52. Backtracking southeast European runs off (6)

Answer: ELOPES (i.e. “runs off”). Solution is SE (a recognised abbreviation of “southeast”) and POLE (i.e. “European”), and the whole lot reversed (indicated by “backtracking”), like so: ELOP-ES.

53. A bigot retired with game of rugby in a mess (2,5,3,6)

Answer: AT SIXES AND SEVENS (i.e. “in a mess”). Solution is A, then SEXIST (i.e. “bigot”) reversed (indicated by “retired”), then followed by AND (i.e. “with”) and SEVENS (i.e. “game of rugby”), like so: A-TSIXES-AND-SEVENS.

54. Never what the bold show (2,4)

Answer: NO FEAR. Solution satisfies an exclamatory “never” that you don’t hear so much these days, and “what the bold show”.

55. Poets, say, in European catalogues (8)

Answer: ELEGISTS (i.e. “poets”). Solution is EG (i.e. “say”, as in “for example”) placed “in” E (a recognised abbreviation of “European”) and LISTS (i.e. “catalogues”), like so: E-L(EG)ISTS.

56. Weary old bowler, perhaps, trapping us (7)

Answer: EXHAUST (i.e. “weary” – though I’d question the tense here). Solution is EX-HAT (i.e. “old bowler, perhaps”) “trapping” US, like so: EX-HA(US)T.

Down clues

1. Base saw British uprising (6)

Answer: BOTTOM (i.e. “base”). Solution is MOTTO (i.e. “saw” – an alternative meaning of “saw” is a saying or phrase) and B (a recognised abbreviation of British) reversed (indicated by “uprising” – this being a down clue), like so: B-OTTOM.

2. Light lifted in fleeting image (6)

Answer: IGNITE. “In” indicates the solution is hidden in the clue, while “lifted” indicates the solution is reversed, again this being a down clue, like so: FLE(ETING I)MAGE.

3. They happen to see father embracing females only, zero males (9)

Answer: PHENOMENA (i.e. “they happen to [be] see[n]”). Solution is PA (i.e. “father”) “embracing” HEN O MEN (i.e. “females only, zero males” – a bit weak, but you know what I mean), like so: P(HEN-O-MEN)A.

4. Series of cushioned blows? (6,5)

Answer: PILLOW FIGHT. Solution riffs on how one involves fighting with pillows, which, of course, are a kind of cushion. Another clue that featured in a recent puzzle.

5. Queen’s residence, where Welsh corgi ends on covers of Vogue (4)

Answer: HIVE (i.e. “queen [bee]’s residence”). Solution is H and I (i.e. “Welsh corgi ends”, i.e. the last letters of WELSH and CORGI) placed “on” VE (i.e. “covers of Vogue”, i.e. the first and last letters of “vogue”). I rather liked this clue.

6. Censorship withdrawn, intro cut from film perhaps that’s sentimental and sweet (8,3)

Answer: BANOFFEE PIE (i.e. “[a] sweet”). Solution is BAN (i.e. “censorship”) then OFF (i.e. “withdrawn”) then WEEPIE (i.e. “film perhaps that’s sentimental”) with its “intro cut”, like so: BAN-OFF-EEPIE.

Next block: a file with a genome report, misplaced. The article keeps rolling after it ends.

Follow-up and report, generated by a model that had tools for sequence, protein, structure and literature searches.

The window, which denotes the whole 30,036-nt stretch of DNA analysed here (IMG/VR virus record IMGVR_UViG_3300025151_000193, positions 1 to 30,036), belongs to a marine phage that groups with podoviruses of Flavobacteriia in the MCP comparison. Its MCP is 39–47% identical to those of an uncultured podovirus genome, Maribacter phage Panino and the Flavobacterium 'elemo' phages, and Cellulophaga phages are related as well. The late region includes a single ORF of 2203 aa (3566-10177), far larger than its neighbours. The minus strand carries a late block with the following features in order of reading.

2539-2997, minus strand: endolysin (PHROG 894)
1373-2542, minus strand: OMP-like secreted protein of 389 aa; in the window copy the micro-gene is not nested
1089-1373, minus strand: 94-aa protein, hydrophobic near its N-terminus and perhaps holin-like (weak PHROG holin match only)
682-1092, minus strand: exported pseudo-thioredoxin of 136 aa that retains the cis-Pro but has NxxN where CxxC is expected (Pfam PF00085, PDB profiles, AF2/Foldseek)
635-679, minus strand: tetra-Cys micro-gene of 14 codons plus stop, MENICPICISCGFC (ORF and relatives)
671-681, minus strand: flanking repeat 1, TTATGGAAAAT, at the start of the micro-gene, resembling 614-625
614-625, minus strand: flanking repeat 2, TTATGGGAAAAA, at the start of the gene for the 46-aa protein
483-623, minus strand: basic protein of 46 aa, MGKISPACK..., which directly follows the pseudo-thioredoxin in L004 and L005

7. Existence driving people? (11)

Answer: INCARNATION (i.e. “existence”). “Driving people” also suggests this may be an IN-CAR NATION.

8. Soil brilliant thing for fungus (9)

Answer: EARTHSTAR, a very cool-looking “fungus”. Solution is EARTH (i.e. “soil”) and STAR (i.e. “brilliant thing”).

10. Current fashion to stop river causing a blockage (2,3,3)

Answer: IN THE WAY (i.e. “causing a blockage”). Solution is IN (i.e. “current”) and THE WAY (i.e. “[a] fashion”). Not sure what the “to stop river” bit relates to. If you call a river a “way”, then the solution would satisfy that as well, I guess.

11. Husband, perhaps, provided in Antichrist gone mad! (11,5)

Answer: SIGNIFICANT OTHER (i.e. “husband, perhaps”). Solution is IF (i.e. “provided”, as in “you can do something provided you do something else”) placed “in” an anagram (indicated by “mad”) of ANTICHRIST GONE, like so: SIGN(IF)ICANTOTHER.

12. Villain picked up weapon that’s about right (5,2)

Answer: WRONG UN (i.e. “villain”). I’m not 100% sure, but I reckon the solution might be WON (i.e. “picked up”, albeit rather weakly) and GUN (i.e. “weapon”) placed “about” R (a recognised abbreviation of “right”) like so: W(R)ON-GUN.

15. Try out travels around islands popular with holidaymakers (8)

Answer: TOURISTY (i.e. “popular with holiday makers”). Solution is IS (a recognised abbreviation of “islands”) with an anagram (indicated by “travels”) of TRY OUT placed “around” it, like so: TOUR(IS)TY.

19. Material cost is cut (8)

Answer: LACERATE (i.e. “cut”). Solution is LACE (i.e. “material”) and RATE (i.e. “cost”).

22. Mad to split prize (8)

Answer: CRACKPOT (i.e. “mad”). Solution is CRACK (i.e. “to split”) and POT (i.e. “prize”).

23. Frighten – leaving one embarrassingly exposed? (5,3,5,3)

Answer: SCARE THE PANTS OFF (i.e. “frighten”). In the context of the solution, one might well be embarrassingly exposed having had their pants scared off – particularly if one has gone commando.

27. Putting down sheets, fifty certainly sound (8)

Answer: LAYERING (i.e. “putting down sheets”). Solution is L (Roman numeral for “fifty”), then AYE (i.e. an affirmatory “certainly”) and RING (i.e. “sound”).

28. Dress up for game (4)

Answer: BRAG (i.e. “[card] game”). Solution is GARB (i.e. “dress”) reversed (indicated by “up”, this being a down clue).

30. Nation in love with king, perhaps (4)

Answer: OMAN (i.e. “nation”). Solution is O (i.e. “love”, i.e. a zero score in tennis) followed by MAN (i.e. “king, perhaps”).

32. Ideas, however, tactless in the extreme (8)

Answer: THOUGHTS (i.e. “ideas”). Solution is THOUGH (i.e. “however”) followed by TS (i.e. “tactless in the extreme”, i.e. the first and last letters of “tactless”).

34. Capsize transparent vessel (8)

Answer: OVERTURN (i.e. “capsize”). Solution is OVERT (i.e. “transparent”) followed by URN (i.e. “vessel”).

35. Church body doing little to contain downward acceleration, in self-contemplation (5-6)